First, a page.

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Study found : trying to share our "epic" moments may cost us

Study found : trying to share our

You might want to think twice before talking about that extraordinary experience-that time we climbed Mt. Kilimanjaro, got to taste a rare wine, or ran into a celebrity on the street.

Conversations thrive on ordinary topics, and people who share exceptional experiences instead may wind up feeling left out, psychologists are suggesting based on new research published in the journal Psychological Science.

“Extraordinary experiences are pleasurable in the moment but can leave us socially worse off in the long run,” said psychologist and study author Gus Cooney of Harvard University. “The participants in our study mistakenly thought that having an extraordinary experience would make them the star of the conversation. But they were wrong, because to be extraordinary is to be different than other people, and social interaction is grounded in similarities.”

Cooney and co-authors were interested in exploring the consequences of extraordinary experiences based on his own encounters with others.

“We all appreciate experiences that are fine and rare, and when we get what we want, we're always eager to tell our friends. But I've noticed that conversations always seem to thrive on more ordinary topics,” Cooney explains. “This made me wonder if there might be times when extraordinary experiences have more costs than benefits, and whether people know what those times are.”

Cooney and colleagues had 68 participants come to the lab in groups of four. In each group, one participant was assigned to watch a highly-rated “4-star” video of a street magician performing for a crowd, while the other three participants were assigned to watch a lower-rated “2-star” animated video, and they were all aware of each other's video assignments. After watching the videos, the participants sat around a table for a five-minute unstructured conversation.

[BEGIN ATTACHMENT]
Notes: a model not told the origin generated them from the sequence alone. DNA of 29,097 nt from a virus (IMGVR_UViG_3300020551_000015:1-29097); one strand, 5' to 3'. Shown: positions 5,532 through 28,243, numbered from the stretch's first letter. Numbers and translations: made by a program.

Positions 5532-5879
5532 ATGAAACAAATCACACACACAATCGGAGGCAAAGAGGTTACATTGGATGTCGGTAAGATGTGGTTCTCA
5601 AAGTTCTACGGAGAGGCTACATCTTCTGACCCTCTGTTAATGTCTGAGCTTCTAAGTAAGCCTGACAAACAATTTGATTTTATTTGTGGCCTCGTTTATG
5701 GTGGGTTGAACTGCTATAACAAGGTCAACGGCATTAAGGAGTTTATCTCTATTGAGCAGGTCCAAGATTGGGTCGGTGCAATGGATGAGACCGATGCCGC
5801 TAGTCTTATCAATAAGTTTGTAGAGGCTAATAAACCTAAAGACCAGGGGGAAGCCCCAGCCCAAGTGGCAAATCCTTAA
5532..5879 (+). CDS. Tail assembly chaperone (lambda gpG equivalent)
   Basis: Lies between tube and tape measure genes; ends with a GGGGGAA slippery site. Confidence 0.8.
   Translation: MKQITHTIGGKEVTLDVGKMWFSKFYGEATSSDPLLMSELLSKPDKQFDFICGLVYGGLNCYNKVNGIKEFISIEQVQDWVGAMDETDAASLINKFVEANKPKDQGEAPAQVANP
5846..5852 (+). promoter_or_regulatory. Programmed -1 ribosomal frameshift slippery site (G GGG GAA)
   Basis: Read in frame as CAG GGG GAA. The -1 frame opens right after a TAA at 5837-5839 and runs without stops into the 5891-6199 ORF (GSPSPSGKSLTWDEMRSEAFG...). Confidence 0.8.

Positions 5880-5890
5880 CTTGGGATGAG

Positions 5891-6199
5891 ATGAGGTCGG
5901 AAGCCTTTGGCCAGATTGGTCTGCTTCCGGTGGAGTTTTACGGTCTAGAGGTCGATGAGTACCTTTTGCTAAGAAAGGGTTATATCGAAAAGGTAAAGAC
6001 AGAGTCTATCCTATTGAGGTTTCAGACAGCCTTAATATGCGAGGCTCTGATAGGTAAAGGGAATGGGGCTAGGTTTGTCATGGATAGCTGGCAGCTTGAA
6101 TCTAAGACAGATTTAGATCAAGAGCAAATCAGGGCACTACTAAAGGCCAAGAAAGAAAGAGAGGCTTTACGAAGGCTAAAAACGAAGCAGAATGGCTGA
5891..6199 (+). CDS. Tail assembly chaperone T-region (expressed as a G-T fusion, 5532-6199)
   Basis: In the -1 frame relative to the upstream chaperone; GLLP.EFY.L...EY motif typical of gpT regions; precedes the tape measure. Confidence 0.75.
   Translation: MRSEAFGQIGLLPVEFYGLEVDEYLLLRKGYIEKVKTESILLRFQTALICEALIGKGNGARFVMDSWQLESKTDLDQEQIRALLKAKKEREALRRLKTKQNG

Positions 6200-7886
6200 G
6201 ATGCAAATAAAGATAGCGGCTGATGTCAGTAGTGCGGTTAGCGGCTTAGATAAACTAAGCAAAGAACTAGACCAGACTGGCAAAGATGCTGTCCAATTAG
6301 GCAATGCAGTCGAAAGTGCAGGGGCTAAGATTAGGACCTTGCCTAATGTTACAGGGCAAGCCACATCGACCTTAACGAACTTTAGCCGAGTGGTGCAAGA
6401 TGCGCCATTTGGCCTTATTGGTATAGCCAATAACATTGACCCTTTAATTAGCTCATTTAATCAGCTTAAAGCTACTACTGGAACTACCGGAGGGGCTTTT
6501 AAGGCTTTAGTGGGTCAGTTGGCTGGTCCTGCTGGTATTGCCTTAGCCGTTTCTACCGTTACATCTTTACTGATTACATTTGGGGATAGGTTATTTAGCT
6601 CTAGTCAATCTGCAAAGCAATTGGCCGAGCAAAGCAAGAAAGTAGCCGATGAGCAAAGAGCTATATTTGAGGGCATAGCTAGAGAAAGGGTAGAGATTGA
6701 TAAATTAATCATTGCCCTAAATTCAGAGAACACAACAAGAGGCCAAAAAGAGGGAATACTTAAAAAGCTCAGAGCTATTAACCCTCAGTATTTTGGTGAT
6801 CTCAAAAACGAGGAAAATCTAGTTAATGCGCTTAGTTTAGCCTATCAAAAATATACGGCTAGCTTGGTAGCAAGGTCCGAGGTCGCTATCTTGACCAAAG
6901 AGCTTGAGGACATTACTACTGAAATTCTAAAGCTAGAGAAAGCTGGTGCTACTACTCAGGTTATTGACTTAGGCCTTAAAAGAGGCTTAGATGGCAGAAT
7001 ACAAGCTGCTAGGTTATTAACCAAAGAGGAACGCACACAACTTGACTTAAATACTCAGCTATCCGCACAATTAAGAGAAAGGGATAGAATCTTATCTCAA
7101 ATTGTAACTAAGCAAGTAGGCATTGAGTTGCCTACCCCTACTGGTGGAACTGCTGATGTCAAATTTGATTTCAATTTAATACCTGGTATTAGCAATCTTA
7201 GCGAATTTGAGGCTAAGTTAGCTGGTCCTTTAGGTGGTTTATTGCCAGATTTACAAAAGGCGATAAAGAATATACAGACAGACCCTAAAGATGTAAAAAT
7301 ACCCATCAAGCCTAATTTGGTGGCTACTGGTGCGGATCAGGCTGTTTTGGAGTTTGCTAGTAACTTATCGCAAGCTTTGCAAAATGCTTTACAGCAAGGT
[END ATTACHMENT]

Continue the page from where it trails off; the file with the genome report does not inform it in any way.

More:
The participants who watched the 4-star video, the “extraordinary experiencers,” reported feeling worse after the group discussion than did the others, due to a greater feeling of exclusion, the authors reported. Additional data, they added, suggest that extraordinary experiences may feel worse because they don't anticipate the social costs of having an experience that separates them from the group.

Participants in two additional studies were asked to imagine how either they or another person would feel as an extraordinary experiencer taking part in the first study. As expected, they mistakenly predicted that the person who had the extraordinary experience would feel better than the ordinary experiencers throughout the whole experiment. Not only that, they predicted that they would talk more during the post-movie discussion, and would not feel excluded.

“If an experience turns you into someone who has nothing in common with others, then no matter how good it was, it won't make you happy in the long run,” Cooney said.

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